Justice Kitchens on Judge Hilburn

Judge Hilburn, who had been a law school classmate of mine, proceeded to break the news that he was appointing me and another Jackson lawyer, Merrida (Buddy) Coxwell, to defend Byron De La Beckwith, the indigent defendant in the resurrection of an infamous but unresolved murder case from Mississippi’s violent passage through the Civil Rights Era of the 1960s. He went on to tell me, as he was concluding that short phone call, “About fifty lawyers have asked me to appoint them to represent Beckwith.”  “Then why the hell didn’t you appoint couple of them?” I asked, making no effort to conceal my incredulity. “Because I don’t want his conviction to be reversed because of ineffective assistance of counsel,” he answered. “Oh, he’s going to be convicted?” The judge quickly responded, “I mean if he’s convicted.” “See you tomorrow morning,” he concluded. The only thing I could say was “Yes, Sir.”

Excerpt from presentation materials by Mississippi Supreme Court Justice James Kitchens to the Kentucky Bar Association 2015 Convention.

June 17, 2015  Lexington, Kentucky

4 thoughts on “Justice Kitchens on Judge Hilburn”

      1. Beckwith’s conviction was on appeal when he died. Yes, Hulburn denied exculpatory evidence at that third trial. IMHO, Judge Kitchens was complicit. Judge Kitchens is no Judge Dan Lee, that’s for sure!

  1. Hilburn, a STATE appointed special judge, Singletary, the Special Master Hilburn appointed in a STATE case and Simpson, the Special Fiduciary appointed in a STATE case had absolutely no plausible need or arguably valid reason to be at such a meeting, “secret” or otherwise. The attorneys for a few members of a putative class, the Defendants’ attorneys, and reps of some of the Defendants were by their own admissions discussing settlement in a FEDERAL lawsuit that involved the exact same set of facts as the parallel STATE case. Even if none of the attendees intended to “discuss” any state cases, the presence of Hilburn, Singletary and Simpson was at best unnecessary and every attorney there including the judges and attorney/trustee Taylor knew or should have known it was a highly improper clear violation of numerous rules.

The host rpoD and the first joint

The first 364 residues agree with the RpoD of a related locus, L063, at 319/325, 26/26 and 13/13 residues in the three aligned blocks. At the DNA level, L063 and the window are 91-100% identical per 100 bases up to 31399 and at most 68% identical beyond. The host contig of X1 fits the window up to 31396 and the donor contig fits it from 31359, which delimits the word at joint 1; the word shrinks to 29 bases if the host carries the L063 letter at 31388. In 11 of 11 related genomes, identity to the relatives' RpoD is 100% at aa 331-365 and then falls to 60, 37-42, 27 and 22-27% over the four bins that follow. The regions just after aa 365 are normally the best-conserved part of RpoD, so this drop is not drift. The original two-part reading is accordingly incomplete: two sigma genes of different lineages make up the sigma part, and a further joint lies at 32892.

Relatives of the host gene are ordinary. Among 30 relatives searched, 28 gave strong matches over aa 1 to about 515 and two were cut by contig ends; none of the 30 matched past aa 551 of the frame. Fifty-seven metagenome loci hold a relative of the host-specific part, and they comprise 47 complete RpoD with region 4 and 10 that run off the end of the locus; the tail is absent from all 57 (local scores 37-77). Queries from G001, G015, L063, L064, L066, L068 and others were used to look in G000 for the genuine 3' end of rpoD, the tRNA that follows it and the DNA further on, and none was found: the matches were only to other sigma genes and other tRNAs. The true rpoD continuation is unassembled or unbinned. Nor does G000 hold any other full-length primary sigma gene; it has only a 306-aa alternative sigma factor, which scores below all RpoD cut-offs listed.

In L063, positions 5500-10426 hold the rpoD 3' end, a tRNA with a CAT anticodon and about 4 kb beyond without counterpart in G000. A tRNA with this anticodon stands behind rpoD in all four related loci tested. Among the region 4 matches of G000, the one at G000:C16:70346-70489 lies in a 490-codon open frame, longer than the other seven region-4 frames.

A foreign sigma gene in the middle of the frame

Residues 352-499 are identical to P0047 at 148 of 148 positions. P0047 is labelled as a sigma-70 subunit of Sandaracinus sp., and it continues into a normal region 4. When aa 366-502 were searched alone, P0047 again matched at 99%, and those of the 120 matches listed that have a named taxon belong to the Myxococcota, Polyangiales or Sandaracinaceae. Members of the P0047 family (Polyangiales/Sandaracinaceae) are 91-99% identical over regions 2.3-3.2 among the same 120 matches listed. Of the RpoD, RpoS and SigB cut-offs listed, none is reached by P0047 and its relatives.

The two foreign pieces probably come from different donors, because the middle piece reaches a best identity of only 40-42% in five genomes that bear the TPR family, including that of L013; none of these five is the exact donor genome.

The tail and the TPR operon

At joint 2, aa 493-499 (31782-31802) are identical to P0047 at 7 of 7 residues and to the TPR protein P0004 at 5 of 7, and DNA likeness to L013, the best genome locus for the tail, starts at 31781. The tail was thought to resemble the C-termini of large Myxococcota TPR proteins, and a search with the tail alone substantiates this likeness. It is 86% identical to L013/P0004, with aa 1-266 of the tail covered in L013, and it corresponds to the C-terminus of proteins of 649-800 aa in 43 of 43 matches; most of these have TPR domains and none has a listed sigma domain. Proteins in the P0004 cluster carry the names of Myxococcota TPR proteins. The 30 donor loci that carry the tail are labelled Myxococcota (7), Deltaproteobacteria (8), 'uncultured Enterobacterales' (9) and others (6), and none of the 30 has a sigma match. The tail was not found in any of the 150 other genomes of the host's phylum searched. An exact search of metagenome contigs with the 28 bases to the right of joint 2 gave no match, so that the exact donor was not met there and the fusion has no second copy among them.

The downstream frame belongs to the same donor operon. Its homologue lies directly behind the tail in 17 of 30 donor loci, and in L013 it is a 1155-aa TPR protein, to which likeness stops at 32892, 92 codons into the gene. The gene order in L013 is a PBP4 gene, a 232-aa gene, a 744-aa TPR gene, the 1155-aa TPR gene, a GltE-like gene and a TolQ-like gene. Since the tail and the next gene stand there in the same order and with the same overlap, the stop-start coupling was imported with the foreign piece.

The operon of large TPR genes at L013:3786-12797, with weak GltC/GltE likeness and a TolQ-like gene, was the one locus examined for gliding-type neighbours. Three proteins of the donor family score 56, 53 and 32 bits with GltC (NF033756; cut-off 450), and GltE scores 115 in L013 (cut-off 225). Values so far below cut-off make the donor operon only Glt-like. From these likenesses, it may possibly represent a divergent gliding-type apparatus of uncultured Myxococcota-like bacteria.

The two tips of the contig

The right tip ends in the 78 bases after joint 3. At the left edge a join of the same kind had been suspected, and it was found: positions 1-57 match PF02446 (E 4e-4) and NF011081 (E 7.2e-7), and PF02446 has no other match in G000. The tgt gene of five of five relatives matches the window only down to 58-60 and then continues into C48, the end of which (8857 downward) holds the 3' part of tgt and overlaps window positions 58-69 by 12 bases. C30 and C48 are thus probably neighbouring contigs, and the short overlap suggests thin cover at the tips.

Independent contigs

With it being a Chancery Court matter at the state, they were operating under not only the Rules of Professional Conduct and/or Code of Judicial Conduct, but also the Uniform Chancery Court Rules. Rule 3.10 states in part:

    “No person shall undertake to discuss with or in the presence or hearing of the Chancellor the law or the facts or alleged facts of any litigated action then pending in the Court or likely to be instituted therein, except in the orderly progress of the trial, and arguments or briefs connected therewith.” and “Any person who shall violate this rule, knowing that such conduct is prohibited, shall be guilty of a contempt.” If they did not know Rule 3.10, they are not competent lawyers and if they did, they are guilty violating the rules and guilty of a contempt.

    These are MS lawyers and judges, so they are covered by the various rules in MS law, but they claim they were only discussing a FEDERAL case. This also brings them under the FEDERAL rules (upon which many of the MS counterparts are based). However, Mississippi does not permit class actions. If the attorneys for a limited number of putative class members and the Defendants in the federal case were attempting some “end run” by using improper and unethical means to stay numerous state cases and “rig up” a federal class action (with fewer Plaintiffs than the state cases) that really should not be certified (and would detrimentally affect the state court rights of the majority of Plaintiffs), that would easily raise the ire of the Federal judiciary. The “no opt out” request from a limited number of the class members as well as the Defendants is problematic for them here.

    It would also present a problem for those involved as well as for the class action itself should the 5th Circuit wind up involved (and they probably will). Numerous combinations of three judge panels might make things very unpleasant for some of these folks and en banc (all of the judges) might make “very unpleasant” seem like an all-expenses-paid month in the islands. Add to that the fact that numerous Feds are already “looking into things,” and some of these folks may have very different futures than they hoped. This kind of horsesh!t might play in Jackson, but the 5th Circuit is whole different matter and it seems clear that NONE of this bunch, and I mean NONE on any side, has anything approaching the legal ability, knowledge or chops to dance at that level.

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